Hall of Preserving Harmony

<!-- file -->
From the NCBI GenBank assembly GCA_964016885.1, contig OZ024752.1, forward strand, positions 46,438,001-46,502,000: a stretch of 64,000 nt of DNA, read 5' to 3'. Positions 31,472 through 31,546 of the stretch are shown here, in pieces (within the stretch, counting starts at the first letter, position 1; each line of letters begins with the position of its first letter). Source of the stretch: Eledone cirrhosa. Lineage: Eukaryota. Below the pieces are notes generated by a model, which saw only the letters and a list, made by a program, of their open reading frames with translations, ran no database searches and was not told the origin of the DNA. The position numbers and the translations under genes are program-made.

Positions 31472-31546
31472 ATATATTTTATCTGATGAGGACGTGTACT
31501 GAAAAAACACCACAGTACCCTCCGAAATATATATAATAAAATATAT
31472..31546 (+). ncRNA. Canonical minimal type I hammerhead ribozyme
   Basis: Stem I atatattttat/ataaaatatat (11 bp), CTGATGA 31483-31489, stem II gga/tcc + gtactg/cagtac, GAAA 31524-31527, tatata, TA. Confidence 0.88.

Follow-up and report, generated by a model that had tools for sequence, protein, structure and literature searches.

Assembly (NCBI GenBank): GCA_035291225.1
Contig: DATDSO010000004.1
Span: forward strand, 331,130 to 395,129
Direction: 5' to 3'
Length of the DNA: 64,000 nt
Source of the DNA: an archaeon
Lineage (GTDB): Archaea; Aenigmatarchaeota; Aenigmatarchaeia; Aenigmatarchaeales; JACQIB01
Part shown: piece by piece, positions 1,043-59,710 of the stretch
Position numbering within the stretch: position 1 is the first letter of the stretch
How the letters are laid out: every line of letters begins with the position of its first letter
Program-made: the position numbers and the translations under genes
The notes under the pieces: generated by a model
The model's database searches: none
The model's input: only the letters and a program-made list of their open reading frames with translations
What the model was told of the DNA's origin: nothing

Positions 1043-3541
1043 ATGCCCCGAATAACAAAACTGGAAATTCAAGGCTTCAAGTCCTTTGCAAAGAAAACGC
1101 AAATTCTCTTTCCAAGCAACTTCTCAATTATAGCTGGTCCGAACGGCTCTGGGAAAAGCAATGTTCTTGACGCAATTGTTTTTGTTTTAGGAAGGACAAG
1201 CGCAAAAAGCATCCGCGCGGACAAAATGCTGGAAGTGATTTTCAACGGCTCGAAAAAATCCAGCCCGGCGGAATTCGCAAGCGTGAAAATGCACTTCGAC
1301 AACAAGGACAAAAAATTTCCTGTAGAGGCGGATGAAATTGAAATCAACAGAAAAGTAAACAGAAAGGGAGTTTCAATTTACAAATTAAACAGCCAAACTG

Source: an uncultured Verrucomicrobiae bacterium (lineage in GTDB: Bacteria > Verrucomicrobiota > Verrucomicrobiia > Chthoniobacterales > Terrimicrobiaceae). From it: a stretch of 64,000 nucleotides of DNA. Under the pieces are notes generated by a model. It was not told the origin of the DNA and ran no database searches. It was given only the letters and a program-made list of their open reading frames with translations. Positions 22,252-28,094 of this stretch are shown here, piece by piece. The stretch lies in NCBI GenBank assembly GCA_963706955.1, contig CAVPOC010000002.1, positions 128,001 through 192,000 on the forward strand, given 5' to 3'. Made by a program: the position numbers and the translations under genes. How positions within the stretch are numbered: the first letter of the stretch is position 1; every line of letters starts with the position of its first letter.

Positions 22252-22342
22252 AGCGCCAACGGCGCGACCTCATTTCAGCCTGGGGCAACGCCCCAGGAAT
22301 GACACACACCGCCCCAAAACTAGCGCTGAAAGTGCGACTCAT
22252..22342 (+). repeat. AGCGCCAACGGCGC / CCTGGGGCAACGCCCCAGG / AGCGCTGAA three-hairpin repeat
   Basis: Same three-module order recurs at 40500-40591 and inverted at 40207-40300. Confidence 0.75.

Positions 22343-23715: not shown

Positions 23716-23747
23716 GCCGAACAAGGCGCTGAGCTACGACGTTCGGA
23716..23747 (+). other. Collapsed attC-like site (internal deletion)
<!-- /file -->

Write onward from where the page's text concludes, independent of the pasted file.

Hall of Preserving HarmonyArchitecturally, this hall has no supporting pillars in its front part, something typical of Ming architecture. In the Qing Dynasty, banquets were given on New Year’s Eve in honour of Mongolian princes and high-ranking officials. The imperial examinations were held here. In the Ming and Qing dynasties, there were three levels of exams: the county and prefectural level, the provincial level and the national level. The national level exam was presided over by the emperor. The civil service exams in China started in the Han Dynasty. It served the purpose of recruiting Confucian scholars to be ministers and high officials. During the centuries of disunity that followed, the Han Dynasty system of selecting officials by exam went out, and men were appointed, not on merit but by favour and nepotism. The examination system came back and was established again in the Tang Dynasty. It continued until 1905. The Qing Dynasty took over the ancient system of imperial examination. Once every three years, three hundred scholars from all over the country came to Beijing and took the exams for three days and three nights in this hall. The exams were so rigid that competitors sometimes went insane or died of exhaustion. Those who failed sometimes took poison and threw themselves off the high bal-conies. Those who passed would get honorable titles and become high officials.

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